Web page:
“Once when John’s disciples and the Pharisees were fasting, some people came to Jesus and asked, ‘Why don’t your disciples fast like John’s disciples and the Pharisees do'” (Mark 2:18)?
Fasting was considered a sign of religious commitment and holy passion. In their view, denying the flesh of something it wanted demonstrated discipline and spiritual resolve. Such action implied that if one was engaged in self denial, surely they must be on a higher spiritual plain. And the opposite would be true as well. Not fasting was a sign of spiritual mediocrity.
The people who questioned Jesus about not fasting wondered if he was religious enough, and especially if he was who he claimed to be. Shouldn’t the Messiah be practicing all of the religious scruples of the Pharisees? Jesus responded with several statements that went much deeper than their question.
“Jesus replied, ‘Do wedding guests fast while celebrating with the groom? Of course not. They can’t fast while the groom is with them. But someday the groom will be taken away from them, and then they will fast. ‘Besides, who would patch old clothing with new cloth? For the new patch would shrink and rip away from the old cloth, leaving an even bigger tear than before. ‘And no one puts new wine into old wineskins. For the wine would burst the wineskins, and the wine and the skins would both be lost. New wine calls for new wine.
In his first response, Jesus indicated that fasting is something people do when they are apart from those they love. When we are around family and friends, eating food is part of what makes our fellowship joyful. But when we are separated, eating isn’t quite the same. We must still eat to live, but the celebrative element is missing, and at times we may eat less, or even go without for various reasons. If you are single and live alone, you know how hard it is to get excited about cooking for yourself.
In relation to this passage, Wayne Manning writes, “Jesus constantly challenged religious practices gone stale, their original meaning long forgotten [had] now become simply public ritual. He warned, ‘Beware of practicing your piety before others in order to be seen by them'” (Matthew 6:1).
The question that Jesus wanted people to focus on was why they were fasting. What was their motive for doing it? If it was just a ritual that made them “look good,” they were wasting their time.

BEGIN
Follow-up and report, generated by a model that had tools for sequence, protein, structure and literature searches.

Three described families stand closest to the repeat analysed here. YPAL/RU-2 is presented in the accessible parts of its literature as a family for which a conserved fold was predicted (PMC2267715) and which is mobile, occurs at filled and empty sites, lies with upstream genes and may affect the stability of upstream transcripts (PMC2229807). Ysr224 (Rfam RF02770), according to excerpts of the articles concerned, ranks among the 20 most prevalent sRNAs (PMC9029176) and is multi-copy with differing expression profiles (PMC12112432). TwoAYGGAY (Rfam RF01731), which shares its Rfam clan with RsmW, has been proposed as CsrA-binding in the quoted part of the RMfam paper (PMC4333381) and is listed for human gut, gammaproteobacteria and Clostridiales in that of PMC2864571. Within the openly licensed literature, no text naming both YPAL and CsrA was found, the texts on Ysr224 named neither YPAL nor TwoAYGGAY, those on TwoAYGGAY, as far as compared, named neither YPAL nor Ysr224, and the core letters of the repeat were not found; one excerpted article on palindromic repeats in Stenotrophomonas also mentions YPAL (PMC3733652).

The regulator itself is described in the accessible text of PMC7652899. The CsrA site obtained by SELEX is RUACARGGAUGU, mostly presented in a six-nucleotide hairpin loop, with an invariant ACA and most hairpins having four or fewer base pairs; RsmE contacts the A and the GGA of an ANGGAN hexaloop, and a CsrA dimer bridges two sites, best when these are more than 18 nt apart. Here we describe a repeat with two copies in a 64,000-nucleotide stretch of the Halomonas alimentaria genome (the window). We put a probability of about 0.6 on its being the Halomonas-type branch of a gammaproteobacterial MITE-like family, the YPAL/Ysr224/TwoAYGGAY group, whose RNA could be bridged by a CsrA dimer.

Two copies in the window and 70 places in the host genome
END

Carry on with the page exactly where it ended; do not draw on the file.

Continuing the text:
Could it be that what Jesus was really referring to was the difference between the old and the new covenants? Before Jesus came and initiated the New Covenant, the Ceremonial law, with all of its feasts and rituals provided the context for how people were to approach God. It largely consisted of ceremonies, fasts, ritual cleansings, symbols and sacrifices—which were often administered and performed in public. But with the coming of Jesus and his new message, the rituals of the past were no longer effective.
After the Passover supper, on the eve of his trial, Jesus made it clear that his death would change everything. Luke 22:20 reads that after supper he took another cup of wine and said, “This cup is the new covenant between God and his people—an agreement confirmed with my blood, which is poured out.”
Going forward Jesus’ sacrifice would be sufficient to cover all of their need.
After Jesus left and went back to his Father, there were plenty of times when the disciples felt the need to fast. And we may do so at various times in our lives today. But it should never be mistaken as a sign of religious fervor. Remember the story Jesus told about the two men who came to the temple to pray?
“Two men went to the Temple to pray. One was a Pharisee, and the other was a despised tax collector. The Pharisee stood by himself and prayed this prayer: ‘I thank you, God, that I am not a sinner like everyone else. For I don’t cheat, I don’t sin, and I don’t commit adultery. I’m certainly not like that tax collector! I fast twice a week, and I give you a tenth of my income.’ ‘But the tax collector stood at a distance and dared not even lift his eyes to heaven as he prayed. Instead, he beat his chest in sorrow, saying, ‘O God, be merciful to me, for I am a sinner.’ ‘I tell you, this sinner, not the Pharisee, returned home justified before God. For those who exalt themselves will be humbled, and those who humble themselves will be exalted'” (Luke 18:10-14).
The challenge today is for us to move beyond the superficial demonstrations of piety that may make us look more spiritual, but that don’t effect our hearts. Unless we are changed within, on the inside, all that we do will be purely for show.
All scripture references are from the New Living Translation, unless otherwise stated.
Rich DuBose writes from Northern California.